Native forest biodiversity study

Native forest biodiversity study

Friday, 8th Mar 2013

A landmark study has found that appropriately managed production forest landscapes have a similar biodiversity to that of largely undisturbed landscapes. The research, commissioned by Forest and Wood Products Australia and carried out by Forestry Tasmania and the University of Tasmania, has shown that tall eucalypt forests do not necessarily need to be in large reserves to provide suitable habitat for their associated animals and plants. Rather, it is possible to effectively integrate the conservation of these species with wood production. Researcher Dr Tim Wardlaw said the study had provided the scientific evidence to show that timber harvesting is compatible with the maintenance of biodiversity values – particularly when it is integrated with, rather than separate from, areas containing mature forests. “There has been a shift of thinking in conservation science over the past decade. It’s now considered best practice to mix harvesting and retention across wider areas. “The alternative - concentrating retention in large reserves and focusing harvesting in a smaller area outside those reserves - can create a tension between harvesting and biodiversity conservation outside the reserves. This study is one of the first to test this shift of thinking in conservation science.”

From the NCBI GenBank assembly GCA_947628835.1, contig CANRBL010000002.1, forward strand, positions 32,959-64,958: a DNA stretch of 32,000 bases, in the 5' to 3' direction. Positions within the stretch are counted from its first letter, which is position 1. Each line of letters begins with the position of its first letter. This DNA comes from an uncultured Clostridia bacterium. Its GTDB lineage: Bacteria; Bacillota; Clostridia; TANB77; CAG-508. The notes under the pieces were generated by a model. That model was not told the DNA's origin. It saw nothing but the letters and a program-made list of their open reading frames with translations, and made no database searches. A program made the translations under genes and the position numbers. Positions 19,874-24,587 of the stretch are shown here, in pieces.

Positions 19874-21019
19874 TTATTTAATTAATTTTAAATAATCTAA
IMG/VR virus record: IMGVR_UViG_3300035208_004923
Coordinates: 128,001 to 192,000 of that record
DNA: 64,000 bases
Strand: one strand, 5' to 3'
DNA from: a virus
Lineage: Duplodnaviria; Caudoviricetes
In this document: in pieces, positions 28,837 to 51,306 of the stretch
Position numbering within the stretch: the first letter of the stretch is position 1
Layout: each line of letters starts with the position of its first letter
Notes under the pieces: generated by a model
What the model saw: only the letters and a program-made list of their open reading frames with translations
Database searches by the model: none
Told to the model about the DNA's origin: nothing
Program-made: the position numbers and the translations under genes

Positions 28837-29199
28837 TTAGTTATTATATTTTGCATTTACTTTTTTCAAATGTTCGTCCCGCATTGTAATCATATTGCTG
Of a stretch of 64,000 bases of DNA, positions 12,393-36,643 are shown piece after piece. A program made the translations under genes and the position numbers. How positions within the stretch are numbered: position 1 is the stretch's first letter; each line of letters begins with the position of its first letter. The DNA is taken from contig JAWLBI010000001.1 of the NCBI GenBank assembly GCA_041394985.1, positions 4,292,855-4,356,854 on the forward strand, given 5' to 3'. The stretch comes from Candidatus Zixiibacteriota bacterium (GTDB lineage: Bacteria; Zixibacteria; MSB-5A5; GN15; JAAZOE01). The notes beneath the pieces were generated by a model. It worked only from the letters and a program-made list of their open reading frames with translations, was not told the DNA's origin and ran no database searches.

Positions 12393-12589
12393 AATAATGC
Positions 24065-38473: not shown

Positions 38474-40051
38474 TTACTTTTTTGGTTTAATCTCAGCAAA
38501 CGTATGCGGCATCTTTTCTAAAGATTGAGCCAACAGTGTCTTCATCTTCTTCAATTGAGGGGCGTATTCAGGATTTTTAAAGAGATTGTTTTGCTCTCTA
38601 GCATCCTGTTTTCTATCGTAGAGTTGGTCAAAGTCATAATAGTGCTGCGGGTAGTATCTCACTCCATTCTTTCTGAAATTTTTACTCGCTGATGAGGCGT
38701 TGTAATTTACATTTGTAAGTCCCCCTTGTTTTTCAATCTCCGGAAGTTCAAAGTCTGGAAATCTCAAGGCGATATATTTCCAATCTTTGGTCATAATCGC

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A copy of the report may be obtained from the Forest and Wood Products Australia web site Research Report pdf.

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Did you know?

About 6% of Australia’s 147 million hectares of native forests are public forests potentially available for timber harvesting. Timber is harvested from about 1% of those public native forests each year.